If the title of this game sounds like it’d make a good bedtime story, you’re in the right frame of mind. The Liar Princess and the Blind Prince tells a somewhat gentle fable of love and adventure with the underlying darkness you’d expect from a fairy tale, and it comes together pretty well on the Nintendo Switch.
Our liar princess isn’t a princess at all; she’s a wolf with a wonderful singing voice. Her melodies enchant a young prince who one day decides to find from where the singing is coming. Having been taught to fear humans (and because she believes the prince will be terrified of her), the surprised wolf lashes out at the prince and accidentally claws his eyes out.
This being a fairy tale, of course, the villagers decide to throw the prince in prison because of his newfound “hideousness.” The wolf feels guilty and seeks the help of a creepy witch who has apparently seen The Little Mermaid too many times. She gives the wolf the power to turn into a princess on command so she can get to the prince and lead him to salvation, but the witch takes the wolf’s singing voice in return.
This happens over the course of about 10 to 15 minutes, providing a wonderful fairy tale feel but a painfully slow start to a platformer/puzzle video game. That balance continues to be an issue throughout, with the fairy tale winning. The storybook style graphics are the game’s true highlight, sticking with the same general colors throughout. This is accurate for a printed picture book, but not so great for a game with multiple levels and locations.
Like most good fables, the story itself manages to be both cute and cautionary. You like the characters even if the princess is actually quite selfish and the prince is a bit of a dolt. They meet many interesting NPCs along the way who add to the charm and provide a heavy dose of conflict and morality struggles. I was determined to see how their story would end from the moment the liar princess first lead the blind prince into the forest.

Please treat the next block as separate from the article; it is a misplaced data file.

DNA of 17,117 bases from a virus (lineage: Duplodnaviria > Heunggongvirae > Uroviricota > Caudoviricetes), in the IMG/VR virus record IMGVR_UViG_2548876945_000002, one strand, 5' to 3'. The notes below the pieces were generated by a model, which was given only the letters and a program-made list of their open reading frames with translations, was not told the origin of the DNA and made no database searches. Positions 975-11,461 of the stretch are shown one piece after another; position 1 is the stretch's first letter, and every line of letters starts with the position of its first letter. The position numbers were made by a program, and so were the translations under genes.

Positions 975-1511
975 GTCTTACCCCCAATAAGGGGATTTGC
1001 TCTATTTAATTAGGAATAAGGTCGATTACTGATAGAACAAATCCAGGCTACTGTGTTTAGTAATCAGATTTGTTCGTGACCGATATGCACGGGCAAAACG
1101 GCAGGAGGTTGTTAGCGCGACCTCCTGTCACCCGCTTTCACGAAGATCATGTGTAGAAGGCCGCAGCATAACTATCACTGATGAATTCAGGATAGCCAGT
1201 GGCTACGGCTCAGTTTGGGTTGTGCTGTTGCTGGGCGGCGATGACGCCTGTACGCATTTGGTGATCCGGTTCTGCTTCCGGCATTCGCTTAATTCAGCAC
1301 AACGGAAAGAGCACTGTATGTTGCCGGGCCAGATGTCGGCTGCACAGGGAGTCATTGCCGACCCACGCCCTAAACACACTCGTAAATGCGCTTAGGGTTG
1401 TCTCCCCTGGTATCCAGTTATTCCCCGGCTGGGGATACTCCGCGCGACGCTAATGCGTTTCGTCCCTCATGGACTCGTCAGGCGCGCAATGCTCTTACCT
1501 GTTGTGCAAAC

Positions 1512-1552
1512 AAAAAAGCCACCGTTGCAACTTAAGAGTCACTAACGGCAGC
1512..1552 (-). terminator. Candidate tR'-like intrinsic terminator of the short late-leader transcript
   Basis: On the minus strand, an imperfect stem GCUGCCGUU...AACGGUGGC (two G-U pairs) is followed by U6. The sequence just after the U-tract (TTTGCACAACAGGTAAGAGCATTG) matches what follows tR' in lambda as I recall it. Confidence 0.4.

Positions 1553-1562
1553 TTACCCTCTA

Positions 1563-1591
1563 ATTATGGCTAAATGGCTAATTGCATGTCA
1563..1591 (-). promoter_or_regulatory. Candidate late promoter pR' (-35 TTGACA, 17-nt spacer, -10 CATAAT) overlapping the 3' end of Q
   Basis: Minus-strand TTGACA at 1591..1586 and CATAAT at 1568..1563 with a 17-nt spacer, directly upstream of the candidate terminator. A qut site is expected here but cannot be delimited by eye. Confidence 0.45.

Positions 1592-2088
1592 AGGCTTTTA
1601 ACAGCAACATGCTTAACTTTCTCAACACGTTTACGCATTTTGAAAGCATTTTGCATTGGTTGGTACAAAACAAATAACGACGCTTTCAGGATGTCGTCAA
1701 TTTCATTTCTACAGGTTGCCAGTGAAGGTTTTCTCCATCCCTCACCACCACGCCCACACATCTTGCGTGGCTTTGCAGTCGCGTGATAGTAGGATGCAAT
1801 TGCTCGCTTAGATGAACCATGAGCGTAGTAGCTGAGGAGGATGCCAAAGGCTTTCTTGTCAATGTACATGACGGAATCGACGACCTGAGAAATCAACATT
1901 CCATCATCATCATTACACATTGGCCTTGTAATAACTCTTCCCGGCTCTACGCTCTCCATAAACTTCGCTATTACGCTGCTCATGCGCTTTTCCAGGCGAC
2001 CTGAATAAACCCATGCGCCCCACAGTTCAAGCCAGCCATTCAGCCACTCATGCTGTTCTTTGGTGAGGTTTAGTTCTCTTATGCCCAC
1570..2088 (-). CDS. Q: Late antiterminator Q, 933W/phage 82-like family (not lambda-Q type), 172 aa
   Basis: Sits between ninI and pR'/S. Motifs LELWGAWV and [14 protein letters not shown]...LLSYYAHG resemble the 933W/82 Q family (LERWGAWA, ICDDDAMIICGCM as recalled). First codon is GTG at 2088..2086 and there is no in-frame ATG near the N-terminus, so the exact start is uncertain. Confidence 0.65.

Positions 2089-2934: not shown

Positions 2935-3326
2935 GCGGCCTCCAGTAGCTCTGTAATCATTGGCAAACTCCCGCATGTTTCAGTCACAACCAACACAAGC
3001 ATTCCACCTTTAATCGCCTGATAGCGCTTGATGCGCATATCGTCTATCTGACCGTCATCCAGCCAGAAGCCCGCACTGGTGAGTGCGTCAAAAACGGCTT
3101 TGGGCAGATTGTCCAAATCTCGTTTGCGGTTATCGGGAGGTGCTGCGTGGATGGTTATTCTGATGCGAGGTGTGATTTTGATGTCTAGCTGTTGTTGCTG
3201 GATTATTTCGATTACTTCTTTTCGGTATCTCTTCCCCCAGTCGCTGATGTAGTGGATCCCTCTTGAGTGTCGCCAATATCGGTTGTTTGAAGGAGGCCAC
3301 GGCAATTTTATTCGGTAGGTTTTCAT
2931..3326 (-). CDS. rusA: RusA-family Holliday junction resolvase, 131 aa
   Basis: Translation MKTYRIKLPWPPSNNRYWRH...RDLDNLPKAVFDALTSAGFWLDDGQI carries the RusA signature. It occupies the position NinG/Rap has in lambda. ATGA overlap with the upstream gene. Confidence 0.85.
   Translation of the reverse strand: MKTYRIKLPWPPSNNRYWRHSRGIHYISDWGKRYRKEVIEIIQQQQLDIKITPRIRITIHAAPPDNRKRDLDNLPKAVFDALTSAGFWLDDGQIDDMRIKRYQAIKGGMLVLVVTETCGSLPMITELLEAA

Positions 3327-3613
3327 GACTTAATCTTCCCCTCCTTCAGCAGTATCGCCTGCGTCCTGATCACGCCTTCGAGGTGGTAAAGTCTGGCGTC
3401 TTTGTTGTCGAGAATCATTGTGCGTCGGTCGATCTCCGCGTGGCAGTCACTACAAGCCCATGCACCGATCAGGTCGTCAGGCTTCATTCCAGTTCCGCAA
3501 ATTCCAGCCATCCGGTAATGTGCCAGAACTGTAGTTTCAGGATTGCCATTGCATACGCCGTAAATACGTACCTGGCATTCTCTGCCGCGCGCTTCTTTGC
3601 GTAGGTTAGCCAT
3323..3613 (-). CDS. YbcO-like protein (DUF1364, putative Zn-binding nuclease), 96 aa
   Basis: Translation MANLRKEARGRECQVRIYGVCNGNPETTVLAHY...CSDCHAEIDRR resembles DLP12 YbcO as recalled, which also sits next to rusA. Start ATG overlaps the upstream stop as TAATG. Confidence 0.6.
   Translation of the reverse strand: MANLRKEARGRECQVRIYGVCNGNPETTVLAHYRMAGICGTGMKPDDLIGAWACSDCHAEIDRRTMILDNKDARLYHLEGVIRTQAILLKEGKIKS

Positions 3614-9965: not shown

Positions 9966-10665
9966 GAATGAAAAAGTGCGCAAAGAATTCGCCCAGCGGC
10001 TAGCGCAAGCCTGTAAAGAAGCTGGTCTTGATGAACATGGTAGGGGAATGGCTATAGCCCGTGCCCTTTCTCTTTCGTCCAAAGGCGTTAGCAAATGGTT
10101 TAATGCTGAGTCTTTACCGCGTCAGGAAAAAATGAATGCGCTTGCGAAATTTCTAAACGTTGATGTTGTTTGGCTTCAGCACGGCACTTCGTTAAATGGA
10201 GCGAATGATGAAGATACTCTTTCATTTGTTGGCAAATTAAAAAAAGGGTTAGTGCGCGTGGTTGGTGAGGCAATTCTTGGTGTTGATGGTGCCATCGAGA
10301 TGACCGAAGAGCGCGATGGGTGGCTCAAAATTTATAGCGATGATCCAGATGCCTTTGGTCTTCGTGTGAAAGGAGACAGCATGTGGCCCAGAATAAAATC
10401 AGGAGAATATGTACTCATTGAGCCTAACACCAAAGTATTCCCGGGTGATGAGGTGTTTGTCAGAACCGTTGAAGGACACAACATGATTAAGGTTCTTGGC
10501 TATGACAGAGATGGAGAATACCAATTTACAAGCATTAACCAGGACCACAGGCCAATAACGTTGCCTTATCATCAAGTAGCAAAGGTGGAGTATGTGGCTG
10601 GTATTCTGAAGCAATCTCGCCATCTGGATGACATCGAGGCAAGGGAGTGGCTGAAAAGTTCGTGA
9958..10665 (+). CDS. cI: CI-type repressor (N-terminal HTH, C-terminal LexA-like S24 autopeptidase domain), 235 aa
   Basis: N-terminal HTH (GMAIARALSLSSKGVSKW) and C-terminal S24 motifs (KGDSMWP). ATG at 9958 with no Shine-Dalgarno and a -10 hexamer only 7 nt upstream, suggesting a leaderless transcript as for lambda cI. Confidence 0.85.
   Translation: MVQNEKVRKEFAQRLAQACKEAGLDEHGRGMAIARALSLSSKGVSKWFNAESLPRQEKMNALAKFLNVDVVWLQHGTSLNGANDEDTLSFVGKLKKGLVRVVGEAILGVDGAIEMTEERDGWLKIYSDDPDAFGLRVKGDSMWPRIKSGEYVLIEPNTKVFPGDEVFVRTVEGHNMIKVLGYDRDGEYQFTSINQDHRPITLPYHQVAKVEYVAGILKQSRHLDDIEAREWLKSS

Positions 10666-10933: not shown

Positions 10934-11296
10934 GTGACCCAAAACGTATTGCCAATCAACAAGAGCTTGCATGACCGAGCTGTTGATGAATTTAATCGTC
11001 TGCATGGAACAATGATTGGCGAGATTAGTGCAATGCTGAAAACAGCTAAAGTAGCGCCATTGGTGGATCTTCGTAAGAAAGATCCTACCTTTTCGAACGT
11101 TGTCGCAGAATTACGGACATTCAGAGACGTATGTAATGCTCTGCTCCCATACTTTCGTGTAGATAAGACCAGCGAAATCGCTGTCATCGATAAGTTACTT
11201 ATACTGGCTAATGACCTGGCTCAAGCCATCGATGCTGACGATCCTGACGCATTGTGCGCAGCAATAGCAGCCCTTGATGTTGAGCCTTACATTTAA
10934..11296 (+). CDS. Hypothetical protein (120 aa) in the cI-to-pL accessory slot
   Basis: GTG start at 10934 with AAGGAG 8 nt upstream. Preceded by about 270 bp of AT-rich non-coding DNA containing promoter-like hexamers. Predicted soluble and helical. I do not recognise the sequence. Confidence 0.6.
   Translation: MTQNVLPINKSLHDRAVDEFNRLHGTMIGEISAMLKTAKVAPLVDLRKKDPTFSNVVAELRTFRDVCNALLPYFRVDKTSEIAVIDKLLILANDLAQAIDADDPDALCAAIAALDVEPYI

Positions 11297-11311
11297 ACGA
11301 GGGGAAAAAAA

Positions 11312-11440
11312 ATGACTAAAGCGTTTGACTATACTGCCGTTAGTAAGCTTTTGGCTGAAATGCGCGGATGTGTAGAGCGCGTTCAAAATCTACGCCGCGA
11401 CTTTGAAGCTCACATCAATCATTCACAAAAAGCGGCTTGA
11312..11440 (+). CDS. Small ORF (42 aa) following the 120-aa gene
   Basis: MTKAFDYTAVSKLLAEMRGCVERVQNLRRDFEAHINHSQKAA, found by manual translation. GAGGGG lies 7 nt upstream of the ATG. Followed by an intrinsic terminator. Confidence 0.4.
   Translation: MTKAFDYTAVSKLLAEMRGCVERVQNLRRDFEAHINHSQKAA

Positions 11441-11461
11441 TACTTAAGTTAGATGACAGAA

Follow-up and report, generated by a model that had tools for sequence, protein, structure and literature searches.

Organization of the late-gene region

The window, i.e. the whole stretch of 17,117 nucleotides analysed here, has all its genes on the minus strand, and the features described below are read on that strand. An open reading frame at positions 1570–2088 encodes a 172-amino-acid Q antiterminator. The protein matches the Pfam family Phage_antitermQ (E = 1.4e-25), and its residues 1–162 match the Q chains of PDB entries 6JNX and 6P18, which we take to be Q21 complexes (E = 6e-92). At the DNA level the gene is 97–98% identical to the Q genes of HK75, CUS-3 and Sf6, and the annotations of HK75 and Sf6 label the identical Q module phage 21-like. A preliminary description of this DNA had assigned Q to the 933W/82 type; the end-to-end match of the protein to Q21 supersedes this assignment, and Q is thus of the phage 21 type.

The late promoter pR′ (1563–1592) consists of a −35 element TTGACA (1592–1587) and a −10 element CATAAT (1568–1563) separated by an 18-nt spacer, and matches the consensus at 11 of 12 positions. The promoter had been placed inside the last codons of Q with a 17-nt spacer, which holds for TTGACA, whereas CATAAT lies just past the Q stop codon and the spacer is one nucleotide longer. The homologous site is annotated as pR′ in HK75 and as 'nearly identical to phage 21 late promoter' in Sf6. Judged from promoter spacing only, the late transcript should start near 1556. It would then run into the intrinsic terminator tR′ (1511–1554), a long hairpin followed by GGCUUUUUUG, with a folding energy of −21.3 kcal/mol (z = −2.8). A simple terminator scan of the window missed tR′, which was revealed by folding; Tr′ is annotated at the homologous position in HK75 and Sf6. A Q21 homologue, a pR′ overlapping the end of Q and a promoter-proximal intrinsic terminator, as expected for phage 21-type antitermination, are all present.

Getting there, however, was often a struggle due to the gameplay. Being blind, the prince doesn’t move on his own. You control the princess, and, in human form, she can take the prince’s hand by holding down the Y button (how cute is it that they smile when holding hands, then stop when they let go?). Releasing Y will leave the prince behind, which presents problems when you have to issue other commands while guiding him (including something as basic as jumping). A lot of the control issues could be solved by tapping Y once to take his hand then tapping it again to release it, or even just mapping the hand-holding to the ZL or ZR buttons.
As the game progresses you learn more commands to issue to the prince: stand over there, pick this up, carry this with you, etc. The princess is extremely bossy, but I guess she has to be in order to keep the prince alive. These commands are used to solve puzzles as you make your way through the forest, and that provides the bulk of the gameplay. Most are pretty easy to figure out, some are tricky, and many can result in your and/or the prince’s death if you’re not careful. Thankfully, the game will mostly start you back at the beginning of the puzzle should you fall too far or succumb to the myriad dangers of the forest.
Regarding those dangers, the princess is not defenseless. When she switches back to wolf form by hitting the X button, she’s practically invincible. As a wolf, she can easily kill most creatures who would otherwise eliminate her and the prince in a single touch. She can also jump much higher and fall further. As a result, becoming a wolf is more about puzzle solving than combat. When she’s a wolf, however, she cannot lead or command the prince, so he has to be stashed somewhere safe while she’s doing the lupus thing.
Everything in The Liar Princess and the Blind Prince comes together as it should, creating a fun, surprisingly poignant excursion into childhood fantasy. The developers definitely had a vision for this game, and they nailed it. However, if you strip away the story and the game’s wonderful presentation, you’re left with rather bland puzzles and a somewhat awkward control scheme that wouldn’t hold up outside of this environment. And although a game like this seems built for portable mode on the Switch, the visual details are best experienced when docked (the text is easier to read, too).
Review: The Liar Princess and the Blind Prince (Nintendo Switch)
If you tend to play games for the story, you’ll find plenty to like about The Liar Princess and the Blind Prince. If you’re more about the puzzles and the platforming action, however, it’d be best to leave this particular storybook on the shelf.